In case you missed it, last week I passed on author Margaret Atwood's idea that "All stories are about wolves." One of Atwood's wolf stories is "being thrown to the wolves," and that's the one I'd like to expand on today.
Over the weekend, some of my Harvard Law School classmates and I met for our annual gathering. One of these guys is a both a litigator and a lover of literature, so asked him what kind of stories he thought resonated with jurors. I've adapted his comments into a simple, 3-part structure. If you're wondering how to write the application essay, maybe this will give you some ideas.
Part 1: Promise
The "thrown to the wolves" story begins when someone makes a promise. Maybe you made the promise, or maybe someone made the promise to you. The promise might be explicit, something that was stated clearly. Or it might be implicit, something that was expected or understood but was never clarified. The promise might have been made a long time ago, or it might have been made recently.
If these parameters sound broad, that's because they are. You have freedom to interpret what is or isn't a promise based on your perspective. In the application essay, your perspective is what the reader is trying to understand anyway.
Part 2: Betrayal
After the promise is made, the promise is betrayed. Like in the video above. I'm pretty sure those two buffalo or whatever they are totally have an implied agreement not to feed each other to the wolves. But then the second one bowls over the first and is like, "Later, dude," as he charges off to safety. Then the first one is like, "Dude..." as the pack of wolves begins to devour him. Dude, indeed.
In your case, you might be the betrayer, or you might be the betrayed. How did it happen? Did you say or do something? Did the other person say or do something? How did people respond? Where were you, exactly, and what do you remember about that setting? When did this happen, and what stood out to you about the timing in your life?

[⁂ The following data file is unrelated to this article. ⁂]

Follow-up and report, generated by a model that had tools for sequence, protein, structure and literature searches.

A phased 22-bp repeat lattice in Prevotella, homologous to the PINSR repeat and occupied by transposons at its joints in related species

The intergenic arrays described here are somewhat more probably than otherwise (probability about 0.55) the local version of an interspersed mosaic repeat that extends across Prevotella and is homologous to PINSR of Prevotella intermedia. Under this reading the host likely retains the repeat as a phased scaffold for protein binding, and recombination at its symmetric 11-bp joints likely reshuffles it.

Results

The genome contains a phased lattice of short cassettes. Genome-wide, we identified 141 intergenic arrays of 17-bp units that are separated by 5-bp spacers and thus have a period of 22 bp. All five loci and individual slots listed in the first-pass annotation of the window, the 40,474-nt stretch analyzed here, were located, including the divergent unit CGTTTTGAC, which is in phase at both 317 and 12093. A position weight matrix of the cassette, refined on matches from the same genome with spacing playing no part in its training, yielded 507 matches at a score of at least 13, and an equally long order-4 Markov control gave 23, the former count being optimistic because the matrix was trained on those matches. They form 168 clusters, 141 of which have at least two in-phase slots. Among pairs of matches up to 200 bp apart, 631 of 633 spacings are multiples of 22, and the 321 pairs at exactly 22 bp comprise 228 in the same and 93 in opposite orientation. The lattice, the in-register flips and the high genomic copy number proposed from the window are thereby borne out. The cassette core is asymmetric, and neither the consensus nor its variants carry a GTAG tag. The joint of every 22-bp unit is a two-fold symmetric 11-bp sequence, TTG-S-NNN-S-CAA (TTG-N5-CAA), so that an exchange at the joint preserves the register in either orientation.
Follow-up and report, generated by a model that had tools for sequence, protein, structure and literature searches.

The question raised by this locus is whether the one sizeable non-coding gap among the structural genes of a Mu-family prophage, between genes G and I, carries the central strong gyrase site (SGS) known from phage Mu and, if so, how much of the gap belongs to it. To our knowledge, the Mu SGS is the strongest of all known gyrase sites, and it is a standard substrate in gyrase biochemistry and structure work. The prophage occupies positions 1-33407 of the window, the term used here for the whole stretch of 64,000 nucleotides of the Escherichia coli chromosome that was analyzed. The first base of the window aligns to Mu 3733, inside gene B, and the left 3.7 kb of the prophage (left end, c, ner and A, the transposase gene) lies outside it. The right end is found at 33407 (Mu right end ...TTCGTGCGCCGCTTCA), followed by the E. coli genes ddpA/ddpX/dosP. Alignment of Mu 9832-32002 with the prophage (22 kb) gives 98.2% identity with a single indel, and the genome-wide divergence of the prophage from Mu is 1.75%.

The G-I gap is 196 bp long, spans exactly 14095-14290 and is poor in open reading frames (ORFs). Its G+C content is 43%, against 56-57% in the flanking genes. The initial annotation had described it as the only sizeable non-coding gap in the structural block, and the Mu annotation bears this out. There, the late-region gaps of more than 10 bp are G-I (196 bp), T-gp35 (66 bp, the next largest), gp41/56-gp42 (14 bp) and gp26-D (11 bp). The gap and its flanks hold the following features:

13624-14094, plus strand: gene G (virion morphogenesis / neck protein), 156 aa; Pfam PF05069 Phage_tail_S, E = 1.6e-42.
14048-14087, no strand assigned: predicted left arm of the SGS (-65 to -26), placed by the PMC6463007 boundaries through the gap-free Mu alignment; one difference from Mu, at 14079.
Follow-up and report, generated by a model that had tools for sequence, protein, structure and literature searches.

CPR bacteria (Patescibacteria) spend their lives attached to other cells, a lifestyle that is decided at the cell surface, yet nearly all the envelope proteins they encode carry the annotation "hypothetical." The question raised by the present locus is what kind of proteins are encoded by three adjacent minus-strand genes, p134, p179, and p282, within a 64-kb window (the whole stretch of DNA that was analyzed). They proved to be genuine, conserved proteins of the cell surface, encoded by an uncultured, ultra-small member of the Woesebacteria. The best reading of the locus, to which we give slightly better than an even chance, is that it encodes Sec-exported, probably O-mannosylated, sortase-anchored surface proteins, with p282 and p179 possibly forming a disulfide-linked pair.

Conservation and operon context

Part 3: Justice?
I put a question mark after justice because I don't know how your betrayal turned out. You might not, either. Maybe it's clear, but maybe it's not. If you think about your relationships, you already know what makes "winning" an argument difficult. There can be disagreement about whether a promise was made: "I never said that" or "Yes, that's what I said, but I thought you knew I meant _____." There can be disagreement about whether a betrayal happened: "I didn't do that" or "Yes, I did that, but it's not a big deal."
Whether justice, or at least a resolution, occurs depends mostly on the willingness of both sides to compromise in defining the promise and defining the betrayal. Maybe there is an apology. Maybe there is forgiveness. Or maybe not. It's messy.
Were You Ever Thrown to the Wolves?
I'm not trying to shoehorn your experience into a promise-betrayal-justice template. But I am trying to ask you questions so you can figure out for yourself if you have a promise-betrayal-justice type of story to tell. So tell me -- were you ever thrown to the wolves?
Good luck writing!
Jon Perkins holds a B.A. in English from Stanford University and a J.D. from Harvard Law School. He helps students with their college, law school, and medical school applications.